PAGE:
It simply means that you should take a through look at your drinking behaviors and any negative consequences you have experienced from drinking. If you answer the questions and find yourself with uncertainty regarding your drinking, take a step back and look at how your drinking impacts your behaviors, your mood, your thoughts and your relationships.
If any of those are ringing a bell for you, it wouldn’t hurt to have a conversation with a health professional and see what their impression is. Hearing a variety of perspectives can be quite helpful.
If you think you need a more in-depth screening test than the CAGE questionnaire, then you can try some of the other alcoholism screening questionnaires at the alcoholism tests page. Again, if you have an interest in other screenings, it may be worthwhile to talk to your primary physician about your concerns.
-If you have answered yes to 1 question.
Then the probability of you having an alcohol problem is about 25%
- If you have answered yes to 2 questions.
Then the probability of you having an alcohol problem is about 50%
- If you have answered yes to 3 questions.
Then the probability of you having an alcohol problem is about 75%
- If you have answered yes to 4 questions.
Then the probability of you having an alcohol problem is about 95%
If you have answered yes to any of the questions in the CAGE questionnaire, or you are worried about your alcohol consumption, it is strongly advisable to consult an alcohol specialist.
Common concerns associated with drinking are financial impacts from drinking, increased family tension, legal concerns, problems at work and a loss of control over your drinking.
Usually this means making an appointment with an alcohol/addiction counselor and discussing your alcohol consumption with him/her. Other options would be to speak with your family doctor.
To find providers, one recommendation is to call your insurance company and ask for providers in network. A simple google search could also provide you with a list, however this would likely not include insurance companies they are in network with.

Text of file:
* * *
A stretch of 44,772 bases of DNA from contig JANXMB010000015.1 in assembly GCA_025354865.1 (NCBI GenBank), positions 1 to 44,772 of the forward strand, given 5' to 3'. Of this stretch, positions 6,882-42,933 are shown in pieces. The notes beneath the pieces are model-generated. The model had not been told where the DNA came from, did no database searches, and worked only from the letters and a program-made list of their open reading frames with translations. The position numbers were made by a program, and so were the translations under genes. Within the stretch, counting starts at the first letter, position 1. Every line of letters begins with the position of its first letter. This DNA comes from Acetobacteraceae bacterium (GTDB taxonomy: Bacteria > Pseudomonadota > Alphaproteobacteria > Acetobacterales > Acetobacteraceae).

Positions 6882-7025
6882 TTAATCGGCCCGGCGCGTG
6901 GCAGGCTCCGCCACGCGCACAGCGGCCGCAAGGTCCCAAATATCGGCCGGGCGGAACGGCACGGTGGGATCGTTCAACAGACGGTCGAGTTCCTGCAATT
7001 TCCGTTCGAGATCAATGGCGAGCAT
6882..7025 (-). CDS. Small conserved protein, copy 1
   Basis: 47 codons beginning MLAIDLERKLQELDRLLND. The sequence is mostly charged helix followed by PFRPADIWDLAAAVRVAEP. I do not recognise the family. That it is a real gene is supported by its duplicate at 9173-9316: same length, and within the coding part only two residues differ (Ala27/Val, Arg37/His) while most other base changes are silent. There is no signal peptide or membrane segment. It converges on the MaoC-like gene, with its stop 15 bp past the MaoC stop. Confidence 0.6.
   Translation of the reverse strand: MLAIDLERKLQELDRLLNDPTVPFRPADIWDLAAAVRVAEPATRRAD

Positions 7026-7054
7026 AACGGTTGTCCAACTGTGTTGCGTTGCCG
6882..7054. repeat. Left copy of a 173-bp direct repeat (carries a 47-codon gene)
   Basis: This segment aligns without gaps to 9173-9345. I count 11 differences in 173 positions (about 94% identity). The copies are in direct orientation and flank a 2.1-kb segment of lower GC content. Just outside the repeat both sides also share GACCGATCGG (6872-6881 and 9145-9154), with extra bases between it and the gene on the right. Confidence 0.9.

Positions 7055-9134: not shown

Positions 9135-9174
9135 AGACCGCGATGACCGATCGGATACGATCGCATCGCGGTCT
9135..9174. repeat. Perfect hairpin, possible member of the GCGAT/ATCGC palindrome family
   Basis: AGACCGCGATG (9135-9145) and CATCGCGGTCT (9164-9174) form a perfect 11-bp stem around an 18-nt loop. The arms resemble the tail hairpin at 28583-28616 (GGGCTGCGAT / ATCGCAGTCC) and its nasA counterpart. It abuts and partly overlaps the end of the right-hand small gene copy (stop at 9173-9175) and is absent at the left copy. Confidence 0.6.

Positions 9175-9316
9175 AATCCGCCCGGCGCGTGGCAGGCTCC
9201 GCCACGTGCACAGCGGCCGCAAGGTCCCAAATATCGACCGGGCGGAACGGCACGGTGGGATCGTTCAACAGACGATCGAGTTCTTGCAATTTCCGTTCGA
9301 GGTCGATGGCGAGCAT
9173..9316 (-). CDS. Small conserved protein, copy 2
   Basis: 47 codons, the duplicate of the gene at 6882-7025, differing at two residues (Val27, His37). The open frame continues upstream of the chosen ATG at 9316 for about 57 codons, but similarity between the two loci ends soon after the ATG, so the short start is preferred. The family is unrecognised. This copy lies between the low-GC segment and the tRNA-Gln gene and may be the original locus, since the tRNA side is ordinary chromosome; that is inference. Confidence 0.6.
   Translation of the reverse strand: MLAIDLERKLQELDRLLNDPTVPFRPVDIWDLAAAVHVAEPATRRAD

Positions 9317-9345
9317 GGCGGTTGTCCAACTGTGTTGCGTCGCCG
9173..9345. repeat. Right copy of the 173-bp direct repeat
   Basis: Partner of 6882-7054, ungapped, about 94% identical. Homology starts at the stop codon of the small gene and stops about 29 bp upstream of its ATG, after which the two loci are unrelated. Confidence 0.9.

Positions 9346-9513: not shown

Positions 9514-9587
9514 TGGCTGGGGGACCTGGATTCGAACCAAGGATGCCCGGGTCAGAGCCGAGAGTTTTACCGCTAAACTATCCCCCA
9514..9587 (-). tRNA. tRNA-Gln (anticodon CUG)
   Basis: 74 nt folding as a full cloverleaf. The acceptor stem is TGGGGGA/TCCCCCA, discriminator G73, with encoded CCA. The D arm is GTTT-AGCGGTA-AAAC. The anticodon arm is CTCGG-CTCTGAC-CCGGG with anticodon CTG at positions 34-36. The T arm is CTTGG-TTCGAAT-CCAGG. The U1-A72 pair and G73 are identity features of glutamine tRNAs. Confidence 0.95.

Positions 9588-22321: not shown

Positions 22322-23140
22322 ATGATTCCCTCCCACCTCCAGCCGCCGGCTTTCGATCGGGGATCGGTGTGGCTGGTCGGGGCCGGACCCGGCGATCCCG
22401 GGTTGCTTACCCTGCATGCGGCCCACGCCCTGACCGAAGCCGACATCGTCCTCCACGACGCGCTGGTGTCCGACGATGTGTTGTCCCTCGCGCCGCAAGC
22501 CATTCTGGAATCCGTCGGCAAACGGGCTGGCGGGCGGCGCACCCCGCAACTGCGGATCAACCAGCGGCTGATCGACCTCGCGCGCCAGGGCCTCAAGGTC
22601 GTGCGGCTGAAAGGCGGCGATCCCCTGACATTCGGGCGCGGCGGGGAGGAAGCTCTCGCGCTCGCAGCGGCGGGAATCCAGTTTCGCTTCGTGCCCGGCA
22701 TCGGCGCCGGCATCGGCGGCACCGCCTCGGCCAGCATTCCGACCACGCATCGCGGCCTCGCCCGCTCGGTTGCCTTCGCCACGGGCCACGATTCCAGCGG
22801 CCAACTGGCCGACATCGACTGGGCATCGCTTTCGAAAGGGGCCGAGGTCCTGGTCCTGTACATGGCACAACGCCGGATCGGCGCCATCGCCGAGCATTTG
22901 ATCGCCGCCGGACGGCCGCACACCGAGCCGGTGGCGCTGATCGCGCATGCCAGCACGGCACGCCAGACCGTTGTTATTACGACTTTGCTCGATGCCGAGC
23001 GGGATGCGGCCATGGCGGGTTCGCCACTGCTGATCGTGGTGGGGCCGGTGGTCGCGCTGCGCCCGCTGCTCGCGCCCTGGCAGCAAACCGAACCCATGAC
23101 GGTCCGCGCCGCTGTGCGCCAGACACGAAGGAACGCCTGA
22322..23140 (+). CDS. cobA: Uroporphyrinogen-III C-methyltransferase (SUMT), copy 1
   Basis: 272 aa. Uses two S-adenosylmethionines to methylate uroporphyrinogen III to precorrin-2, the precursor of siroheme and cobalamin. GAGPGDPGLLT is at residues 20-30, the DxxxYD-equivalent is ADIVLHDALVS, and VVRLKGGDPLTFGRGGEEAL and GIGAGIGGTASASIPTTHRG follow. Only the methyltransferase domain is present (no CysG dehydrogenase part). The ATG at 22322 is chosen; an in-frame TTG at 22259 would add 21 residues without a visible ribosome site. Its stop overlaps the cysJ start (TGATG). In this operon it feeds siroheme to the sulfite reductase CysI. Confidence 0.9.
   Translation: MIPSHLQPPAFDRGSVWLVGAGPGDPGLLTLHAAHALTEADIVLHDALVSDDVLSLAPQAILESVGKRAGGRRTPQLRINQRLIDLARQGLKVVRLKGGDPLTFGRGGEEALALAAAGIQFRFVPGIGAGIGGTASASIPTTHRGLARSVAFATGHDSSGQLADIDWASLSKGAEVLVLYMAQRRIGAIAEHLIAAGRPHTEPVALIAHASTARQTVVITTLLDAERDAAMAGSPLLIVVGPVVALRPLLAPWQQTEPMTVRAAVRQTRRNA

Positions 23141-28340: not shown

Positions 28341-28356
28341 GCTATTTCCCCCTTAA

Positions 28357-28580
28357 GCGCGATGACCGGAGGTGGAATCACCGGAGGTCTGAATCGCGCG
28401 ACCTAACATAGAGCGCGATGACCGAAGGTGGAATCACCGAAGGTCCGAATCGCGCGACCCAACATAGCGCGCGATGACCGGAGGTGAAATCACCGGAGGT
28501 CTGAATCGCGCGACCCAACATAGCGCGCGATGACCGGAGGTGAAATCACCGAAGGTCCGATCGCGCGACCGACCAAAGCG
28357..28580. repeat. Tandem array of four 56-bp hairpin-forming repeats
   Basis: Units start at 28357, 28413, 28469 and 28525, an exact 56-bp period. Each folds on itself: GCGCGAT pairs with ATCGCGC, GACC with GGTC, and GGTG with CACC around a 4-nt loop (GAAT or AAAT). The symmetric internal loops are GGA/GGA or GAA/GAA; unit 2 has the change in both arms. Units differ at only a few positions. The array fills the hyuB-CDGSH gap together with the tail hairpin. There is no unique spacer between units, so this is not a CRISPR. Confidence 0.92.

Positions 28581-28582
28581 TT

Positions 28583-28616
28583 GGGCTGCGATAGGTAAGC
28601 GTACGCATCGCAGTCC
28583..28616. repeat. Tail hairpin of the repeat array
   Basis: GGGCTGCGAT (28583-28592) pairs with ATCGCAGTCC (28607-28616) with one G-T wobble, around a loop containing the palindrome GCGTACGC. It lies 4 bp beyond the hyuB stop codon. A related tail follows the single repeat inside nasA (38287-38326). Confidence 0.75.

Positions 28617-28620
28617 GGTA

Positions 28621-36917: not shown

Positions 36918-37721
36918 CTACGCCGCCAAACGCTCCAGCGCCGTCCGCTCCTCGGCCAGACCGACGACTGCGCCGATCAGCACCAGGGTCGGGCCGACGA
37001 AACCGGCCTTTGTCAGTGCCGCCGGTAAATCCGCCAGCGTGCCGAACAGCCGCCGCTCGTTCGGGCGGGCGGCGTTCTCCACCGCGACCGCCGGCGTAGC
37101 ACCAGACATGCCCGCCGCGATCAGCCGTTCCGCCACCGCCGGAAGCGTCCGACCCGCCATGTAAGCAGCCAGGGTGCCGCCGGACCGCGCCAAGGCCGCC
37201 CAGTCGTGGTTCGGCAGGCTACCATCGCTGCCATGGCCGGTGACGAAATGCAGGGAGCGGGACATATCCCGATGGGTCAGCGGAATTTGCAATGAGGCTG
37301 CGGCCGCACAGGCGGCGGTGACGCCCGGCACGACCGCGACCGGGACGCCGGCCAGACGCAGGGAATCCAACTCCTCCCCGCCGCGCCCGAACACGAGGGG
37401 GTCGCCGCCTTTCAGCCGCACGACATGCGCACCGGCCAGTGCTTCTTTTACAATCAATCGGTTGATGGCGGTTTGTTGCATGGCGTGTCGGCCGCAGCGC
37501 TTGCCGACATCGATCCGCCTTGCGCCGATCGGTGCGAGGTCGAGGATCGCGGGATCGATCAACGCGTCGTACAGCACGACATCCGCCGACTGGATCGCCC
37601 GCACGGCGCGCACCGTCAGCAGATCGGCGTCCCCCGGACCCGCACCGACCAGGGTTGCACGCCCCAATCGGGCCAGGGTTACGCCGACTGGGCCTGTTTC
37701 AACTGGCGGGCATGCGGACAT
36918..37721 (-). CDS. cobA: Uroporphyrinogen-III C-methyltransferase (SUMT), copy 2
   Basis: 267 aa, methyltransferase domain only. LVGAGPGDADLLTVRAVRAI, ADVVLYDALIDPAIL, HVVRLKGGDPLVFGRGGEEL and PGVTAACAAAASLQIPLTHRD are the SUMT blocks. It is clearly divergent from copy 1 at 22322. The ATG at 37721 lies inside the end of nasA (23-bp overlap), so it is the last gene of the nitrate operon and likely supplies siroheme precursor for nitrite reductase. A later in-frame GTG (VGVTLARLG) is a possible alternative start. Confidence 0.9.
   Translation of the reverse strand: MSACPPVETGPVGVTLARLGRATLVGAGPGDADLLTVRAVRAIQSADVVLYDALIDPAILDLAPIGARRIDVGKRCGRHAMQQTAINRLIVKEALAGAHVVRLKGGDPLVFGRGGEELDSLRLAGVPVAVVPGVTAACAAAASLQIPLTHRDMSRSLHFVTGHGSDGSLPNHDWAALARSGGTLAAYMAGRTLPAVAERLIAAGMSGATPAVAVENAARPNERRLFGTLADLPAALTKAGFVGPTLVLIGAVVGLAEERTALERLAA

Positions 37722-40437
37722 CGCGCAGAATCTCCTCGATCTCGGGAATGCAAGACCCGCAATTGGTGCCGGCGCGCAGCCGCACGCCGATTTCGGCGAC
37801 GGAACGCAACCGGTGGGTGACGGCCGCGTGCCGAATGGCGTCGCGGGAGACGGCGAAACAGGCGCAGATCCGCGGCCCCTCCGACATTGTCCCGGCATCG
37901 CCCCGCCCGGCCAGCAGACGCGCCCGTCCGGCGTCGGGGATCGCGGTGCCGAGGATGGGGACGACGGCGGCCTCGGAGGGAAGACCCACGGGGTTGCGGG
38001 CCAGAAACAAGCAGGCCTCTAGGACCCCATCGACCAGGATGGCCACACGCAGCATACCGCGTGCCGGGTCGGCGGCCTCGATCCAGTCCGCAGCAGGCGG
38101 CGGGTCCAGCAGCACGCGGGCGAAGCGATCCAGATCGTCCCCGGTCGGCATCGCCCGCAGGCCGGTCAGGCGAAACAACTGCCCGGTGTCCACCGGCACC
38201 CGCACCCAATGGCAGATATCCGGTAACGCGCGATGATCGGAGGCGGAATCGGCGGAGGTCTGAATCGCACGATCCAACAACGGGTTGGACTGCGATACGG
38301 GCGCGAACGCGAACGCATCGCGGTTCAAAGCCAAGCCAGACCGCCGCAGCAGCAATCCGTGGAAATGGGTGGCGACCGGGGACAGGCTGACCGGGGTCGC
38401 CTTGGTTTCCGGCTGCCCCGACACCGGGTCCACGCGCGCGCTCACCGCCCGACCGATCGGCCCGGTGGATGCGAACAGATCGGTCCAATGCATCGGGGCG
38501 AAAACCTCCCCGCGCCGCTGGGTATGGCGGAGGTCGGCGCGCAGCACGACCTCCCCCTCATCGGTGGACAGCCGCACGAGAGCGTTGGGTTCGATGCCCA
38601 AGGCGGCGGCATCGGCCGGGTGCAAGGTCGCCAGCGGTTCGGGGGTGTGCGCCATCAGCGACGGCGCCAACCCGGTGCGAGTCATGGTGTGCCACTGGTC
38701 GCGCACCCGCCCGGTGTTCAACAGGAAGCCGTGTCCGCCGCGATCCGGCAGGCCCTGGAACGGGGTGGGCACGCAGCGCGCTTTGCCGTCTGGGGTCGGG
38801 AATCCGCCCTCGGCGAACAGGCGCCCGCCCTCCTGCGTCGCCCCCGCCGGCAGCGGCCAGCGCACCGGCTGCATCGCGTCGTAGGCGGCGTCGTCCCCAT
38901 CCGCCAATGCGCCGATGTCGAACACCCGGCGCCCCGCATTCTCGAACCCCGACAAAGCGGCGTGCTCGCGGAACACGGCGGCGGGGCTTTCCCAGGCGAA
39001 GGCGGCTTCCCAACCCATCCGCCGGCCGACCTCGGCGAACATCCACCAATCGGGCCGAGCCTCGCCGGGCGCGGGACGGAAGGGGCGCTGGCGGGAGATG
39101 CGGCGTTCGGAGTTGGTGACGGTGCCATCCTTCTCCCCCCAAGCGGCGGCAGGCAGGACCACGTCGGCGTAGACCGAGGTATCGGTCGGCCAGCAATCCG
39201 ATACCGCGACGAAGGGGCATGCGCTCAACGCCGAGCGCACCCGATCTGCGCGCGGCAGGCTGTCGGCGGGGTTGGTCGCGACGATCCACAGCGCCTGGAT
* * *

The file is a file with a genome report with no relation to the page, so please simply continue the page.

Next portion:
If you feel more comfortable with your family doctor then go to them by all means. Most doctors have a good knowledge of alcoholism and its signs so they would be able to help you better understand what you’re experiencing.
If they think you are abusing alcohol or have developed a physical dependence to alcohol, they can talk to you about different treatment options and refer you to a counselor/treatment center.
Whichever route you take, know that it takes courage to ask for help. There is never a time where it is “too late” for a person to begin their recovery from drinking alcohol. Everyone’s recovery will look different, so try to be patient and kind to yourself.
Do you want to do something about your drinking? If so, there are a number of options open to you.
1. Attend Alcoholics Anonymous Meetings. This is seen by many as the one and only way to get sober. It is effective, however many individuals are unable to stay sober by going to meetings alone.
It is estimated that only 5% of alcoholics are able to remain sober for three years or more using the 12 steps (the main philosophy behind Alcoholics Anonymous’ approach). However do not discount it until you have tried it. For more on their approach read Stop Drinking Alcohol With AA.
2. The Sinclair Method. The Sinclair Method, using the medication Natlrexone, has a far better success rate than AA. It has been shown to be effective in over 78% of cases (Read Results with Naltrexone and Nalmefene: Clinical Trials and Reviews for more on research into Naltrexone and its effectiveness when used to combat alcohol dependency). The use of Naltrexone has grown significantly over the years and is offered in two forms.